Wednesday, June 3, 2009

Get in Line Brother #8 - Enablers' Exposure from IRS Voluntary Compliance Initiative

The IRS initiative for offshore accounts and entities offers benefits only to the taxpayers involved. Those benefits are substantial indeed -- avoidance of criminal prosecution and substantially reduced penalties -- and offer a strong incentive for taxpayers to join the program. Many of those taxpayers had U.S. tax professionals who were enablers as to the foreign accounts and foreign entity structures. These enablers' activities may come under scrutiny as the taxpayers open their kimonos. Since the taxpayers must cooperate and disclose, tax professional enablers who came close to or crossed the magic line should have some concerns. Much of the planning by tax professionals that I have observed in the offshore context involves strained and technical interpretations of the Code that often defy common sense, and we know from the spate of tax shelter enabler prosecutions that the Government will prosecute and convict on strained interpretations that cross the line. At a minimum, tax professionals who assisted clients in their offshore adventures should seriously consider whether they should be involved in their clients' decisions with respect to this new IRS incentive for foreign accounts and structures. Can these professionals render objective advice as to whether the taxpayer should even enter the program? And, assuming the clients decide to enter the program, can these professionals properly represent the clients in effecting the required cooperation and disclosures where they may be tempted to shape the cooperation and disclosures to protect their own interests rather than the clients' interests?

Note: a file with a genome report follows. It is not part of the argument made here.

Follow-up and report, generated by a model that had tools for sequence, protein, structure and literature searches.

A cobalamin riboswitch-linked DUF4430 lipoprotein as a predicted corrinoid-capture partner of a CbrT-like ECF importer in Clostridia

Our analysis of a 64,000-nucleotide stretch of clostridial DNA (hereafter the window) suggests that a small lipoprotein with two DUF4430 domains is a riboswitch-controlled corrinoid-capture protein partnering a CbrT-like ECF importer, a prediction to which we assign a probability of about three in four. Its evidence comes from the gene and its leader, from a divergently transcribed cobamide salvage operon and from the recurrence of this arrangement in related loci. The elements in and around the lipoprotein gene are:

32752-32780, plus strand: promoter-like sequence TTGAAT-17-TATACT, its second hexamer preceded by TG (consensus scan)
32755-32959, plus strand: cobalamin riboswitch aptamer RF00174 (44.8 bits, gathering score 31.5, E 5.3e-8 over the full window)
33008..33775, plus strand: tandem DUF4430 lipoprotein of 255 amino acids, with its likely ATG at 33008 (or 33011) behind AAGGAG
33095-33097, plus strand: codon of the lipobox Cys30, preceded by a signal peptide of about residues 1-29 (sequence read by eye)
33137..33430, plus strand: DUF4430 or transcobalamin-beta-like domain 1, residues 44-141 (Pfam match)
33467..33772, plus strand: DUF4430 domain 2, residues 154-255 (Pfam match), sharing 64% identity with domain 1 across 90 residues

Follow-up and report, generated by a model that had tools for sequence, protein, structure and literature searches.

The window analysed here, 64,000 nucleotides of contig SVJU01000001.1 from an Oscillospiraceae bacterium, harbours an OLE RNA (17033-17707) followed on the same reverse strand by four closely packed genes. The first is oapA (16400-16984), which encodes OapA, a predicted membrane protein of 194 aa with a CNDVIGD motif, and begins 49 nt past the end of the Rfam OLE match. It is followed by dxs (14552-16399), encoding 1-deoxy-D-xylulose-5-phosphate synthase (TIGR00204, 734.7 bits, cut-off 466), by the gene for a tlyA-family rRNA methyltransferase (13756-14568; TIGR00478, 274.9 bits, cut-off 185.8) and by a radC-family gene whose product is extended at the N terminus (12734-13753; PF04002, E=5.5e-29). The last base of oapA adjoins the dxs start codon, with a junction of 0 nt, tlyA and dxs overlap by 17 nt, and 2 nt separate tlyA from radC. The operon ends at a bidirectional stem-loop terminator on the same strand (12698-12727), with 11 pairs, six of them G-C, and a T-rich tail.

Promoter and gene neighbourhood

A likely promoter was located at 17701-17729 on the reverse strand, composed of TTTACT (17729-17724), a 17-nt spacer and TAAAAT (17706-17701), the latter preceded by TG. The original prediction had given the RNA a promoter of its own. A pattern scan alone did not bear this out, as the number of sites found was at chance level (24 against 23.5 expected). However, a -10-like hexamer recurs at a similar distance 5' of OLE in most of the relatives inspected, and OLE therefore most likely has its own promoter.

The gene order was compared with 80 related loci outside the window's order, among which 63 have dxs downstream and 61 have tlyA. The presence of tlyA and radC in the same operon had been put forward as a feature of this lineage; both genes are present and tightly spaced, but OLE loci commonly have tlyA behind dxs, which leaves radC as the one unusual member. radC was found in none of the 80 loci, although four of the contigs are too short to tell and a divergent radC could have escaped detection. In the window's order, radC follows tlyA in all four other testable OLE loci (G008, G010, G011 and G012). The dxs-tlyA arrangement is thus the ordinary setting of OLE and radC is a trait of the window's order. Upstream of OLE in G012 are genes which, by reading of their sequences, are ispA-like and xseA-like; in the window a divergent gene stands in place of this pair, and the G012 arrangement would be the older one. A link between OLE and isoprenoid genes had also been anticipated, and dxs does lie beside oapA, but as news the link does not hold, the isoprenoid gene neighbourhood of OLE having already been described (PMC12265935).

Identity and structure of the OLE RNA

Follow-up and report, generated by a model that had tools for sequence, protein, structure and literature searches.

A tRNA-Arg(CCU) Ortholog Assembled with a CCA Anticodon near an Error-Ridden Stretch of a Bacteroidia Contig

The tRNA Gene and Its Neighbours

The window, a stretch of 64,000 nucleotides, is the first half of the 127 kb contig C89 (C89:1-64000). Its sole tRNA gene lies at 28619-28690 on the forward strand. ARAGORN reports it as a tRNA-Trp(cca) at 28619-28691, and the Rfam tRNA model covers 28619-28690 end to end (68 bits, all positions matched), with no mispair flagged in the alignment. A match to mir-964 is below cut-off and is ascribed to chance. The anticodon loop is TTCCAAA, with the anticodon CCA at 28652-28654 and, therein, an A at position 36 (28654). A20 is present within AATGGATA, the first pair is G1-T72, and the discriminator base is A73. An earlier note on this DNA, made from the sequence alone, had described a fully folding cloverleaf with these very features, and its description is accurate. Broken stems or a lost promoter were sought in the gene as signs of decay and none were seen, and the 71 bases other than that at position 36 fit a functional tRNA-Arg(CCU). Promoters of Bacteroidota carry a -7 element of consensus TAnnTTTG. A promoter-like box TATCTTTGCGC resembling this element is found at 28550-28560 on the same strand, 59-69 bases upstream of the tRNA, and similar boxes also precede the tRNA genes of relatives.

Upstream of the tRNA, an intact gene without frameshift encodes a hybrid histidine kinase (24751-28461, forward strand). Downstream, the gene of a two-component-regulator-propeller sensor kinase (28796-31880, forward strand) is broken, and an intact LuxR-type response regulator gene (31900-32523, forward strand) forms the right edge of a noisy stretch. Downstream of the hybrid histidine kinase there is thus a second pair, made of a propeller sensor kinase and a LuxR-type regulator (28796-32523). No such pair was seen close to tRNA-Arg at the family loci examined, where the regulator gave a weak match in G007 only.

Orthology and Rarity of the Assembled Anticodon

And, on a related topic, could the clients -- or some of them anyway -- enter a dialog with the IRS about avoiding at least the penalties by delivering up the professional on a silver platter?

And, could the clients even qualify for whistleblower rewards if the professional has enabled others? (In this regard, taxpayers tempted to hunker down and not join the program might consider whether they are at risk of being discovered by this process as other taxpayers disclose the role of the common professional.)

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